This Sunday at 2 p.m. in Room 2B, join our Booksplus discussion about Edwidge Danticat’s Claire of the Sea Light. In honor of Black History month, we will discuss this luminous book set in Haiti just before the cataclysmic earthquake of 2009.
Danticat, who emigrated from Haiti as a child, has won many awards including the MacArthur Award (nicknamed the genius award).
If you like folklore and learning about other cultures, Claire of the Sea Light is the book for you. It tells the tale of a young girl whose mother died just after her daughter’s birth. According to Haitian folklore, this makes Claire a revenan, a child who battled with her mother’s spirit and won.
On each of her birthdays, Nozias, Claire’s father, takes her to visit her mother’s grave. In the cemetery they meet Madam Gaelle, a fabric store owner and wealthy widow in town, who lost her own daughter on the same date as Claire’s birthday. Read more about Claire of the Sea Light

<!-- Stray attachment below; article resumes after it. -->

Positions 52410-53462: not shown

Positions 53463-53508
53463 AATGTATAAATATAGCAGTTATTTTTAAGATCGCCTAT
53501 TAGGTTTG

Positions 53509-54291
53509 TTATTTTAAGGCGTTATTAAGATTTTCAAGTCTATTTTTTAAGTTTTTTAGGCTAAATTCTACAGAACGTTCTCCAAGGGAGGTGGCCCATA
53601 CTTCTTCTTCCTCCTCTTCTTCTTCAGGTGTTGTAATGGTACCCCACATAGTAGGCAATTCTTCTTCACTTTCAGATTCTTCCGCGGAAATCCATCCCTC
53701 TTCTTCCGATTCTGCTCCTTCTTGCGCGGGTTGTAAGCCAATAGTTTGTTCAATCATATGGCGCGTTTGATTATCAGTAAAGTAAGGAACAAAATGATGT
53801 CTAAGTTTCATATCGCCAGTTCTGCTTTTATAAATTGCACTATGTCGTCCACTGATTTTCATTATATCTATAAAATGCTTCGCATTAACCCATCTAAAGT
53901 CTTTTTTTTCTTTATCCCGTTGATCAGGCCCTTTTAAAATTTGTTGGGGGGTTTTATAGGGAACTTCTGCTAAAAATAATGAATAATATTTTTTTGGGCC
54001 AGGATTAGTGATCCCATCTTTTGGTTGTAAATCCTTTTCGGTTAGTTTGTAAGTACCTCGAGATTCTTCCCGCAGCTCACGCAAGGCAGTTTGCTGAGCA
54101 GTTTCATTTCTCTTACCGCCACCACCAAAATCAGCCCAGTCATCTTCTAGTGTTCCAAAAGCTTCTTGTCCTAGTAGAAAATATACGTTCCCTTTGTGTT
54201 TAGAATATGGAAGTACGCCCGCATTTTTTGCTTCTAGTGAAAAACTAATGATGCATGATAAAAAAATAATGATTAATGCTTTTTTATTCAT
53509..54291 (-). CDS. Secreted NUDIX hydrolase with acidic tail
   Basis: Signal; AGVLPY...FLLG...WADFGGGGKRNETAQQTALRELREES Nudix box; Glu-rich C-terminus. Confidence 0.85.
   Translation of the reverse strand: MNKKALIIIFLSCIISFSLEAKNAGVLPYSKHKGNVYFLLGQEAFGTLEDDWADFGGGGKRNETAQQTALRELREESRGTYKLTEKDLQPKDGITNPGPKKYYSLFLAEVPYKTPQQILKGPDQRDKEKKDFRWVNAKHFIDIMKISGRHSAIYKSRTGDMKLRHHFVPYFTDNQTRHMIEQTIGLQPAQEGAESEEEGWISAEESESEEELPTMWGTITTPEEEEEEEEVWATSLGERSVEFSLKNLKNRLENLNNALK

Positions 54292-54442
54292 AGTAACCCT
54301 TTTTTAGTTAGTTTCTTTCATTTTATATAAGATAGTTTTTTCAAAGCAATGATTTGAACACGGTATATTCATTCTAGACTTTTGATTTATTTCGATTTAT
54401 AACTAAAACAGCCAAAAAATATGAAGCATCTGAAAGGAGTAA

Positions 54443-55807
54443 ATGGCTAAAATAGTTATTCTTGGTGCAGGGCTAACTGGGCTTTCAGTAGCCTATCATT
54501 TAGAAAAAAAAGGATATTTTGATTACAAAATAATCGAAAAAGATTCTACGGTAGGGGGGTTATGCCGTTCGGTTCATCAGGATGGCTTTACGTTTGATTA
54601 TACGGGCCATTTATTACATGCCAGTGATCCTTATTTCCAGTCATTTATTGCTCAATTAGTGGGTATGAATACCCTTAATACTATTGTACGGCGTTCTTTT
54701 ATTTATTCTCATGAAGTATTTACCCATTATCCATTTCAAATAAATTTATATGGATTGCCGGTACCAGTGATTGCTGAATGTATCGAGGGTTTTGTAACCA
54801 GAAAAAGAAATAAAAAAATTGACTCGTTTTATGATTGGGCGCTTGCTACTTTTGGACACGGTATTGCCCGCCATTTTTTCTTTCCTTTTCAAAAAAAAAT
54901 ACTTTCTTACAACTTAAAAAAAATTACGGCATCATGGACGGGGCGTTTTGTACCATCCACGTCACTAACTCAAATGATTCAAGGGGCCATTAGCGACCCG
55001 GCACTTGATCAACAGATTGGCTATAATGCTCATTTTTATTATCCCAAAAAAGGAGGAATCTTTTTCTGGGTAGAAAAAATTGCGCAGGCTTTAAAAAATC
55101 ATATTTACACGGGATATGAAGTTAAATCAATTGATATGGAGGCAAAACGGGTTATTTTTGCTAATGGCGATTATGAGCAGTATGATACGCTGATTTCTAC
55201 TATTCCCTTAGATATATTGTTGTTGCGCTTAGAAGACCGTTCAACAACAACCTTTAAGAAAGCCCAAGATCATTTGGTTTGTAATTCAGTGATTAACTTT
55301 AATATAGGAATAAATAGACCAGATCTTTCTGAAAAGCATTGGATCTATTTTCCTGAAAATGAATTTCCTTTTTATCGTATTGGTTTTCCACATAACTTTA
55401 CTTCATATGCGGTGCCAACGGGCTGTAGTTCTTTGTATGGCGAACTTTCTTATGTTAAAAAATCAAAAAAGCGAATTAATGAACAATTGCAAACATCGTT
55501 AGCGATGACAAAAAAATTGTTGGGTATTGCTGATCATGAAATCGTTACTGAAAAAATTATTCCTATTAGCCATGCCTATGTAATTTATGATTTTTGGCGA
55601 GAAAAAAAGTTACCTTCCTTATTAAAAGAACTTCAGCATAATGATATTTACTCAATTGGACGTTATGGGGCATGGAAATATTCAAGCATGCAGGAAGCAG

The story opens with the death of 16-year-old Lydia. Her family has gathered for breakfast on a busy May morning. It’s the usual chaos, two kids running in and out of the kitchen gathering homework and school bags and eating on the run.
It’s the 1970s and the father, James, is a history professor in a small town in Ohio; the mother, Marilyn, an unwilling homemaker.
I love anthologies, particularly of short stories. But I must confess I never follow the editor’s carefully thought-out arrangement.
Certainly, I hit pay dirt with this year’s O. Henry prize collection. The very first story I dove into “Good faith” by Colleen Morrissey wowed me on first reading and ended up being my favorite.
What made it so good? Snake handlers, religion, a summer road-trip, girls coming of age, family conflict, romance, and camping out under the stars. It tells the story of a religious family travelling the south who meet two rich young men on the road.
That night the leading character Rachel does snake handling, not for entertainment, as she tells the more serious young man, Mr. Pattinson, but as part of her faith and religious practice. Read more about Best Short Stories of the Year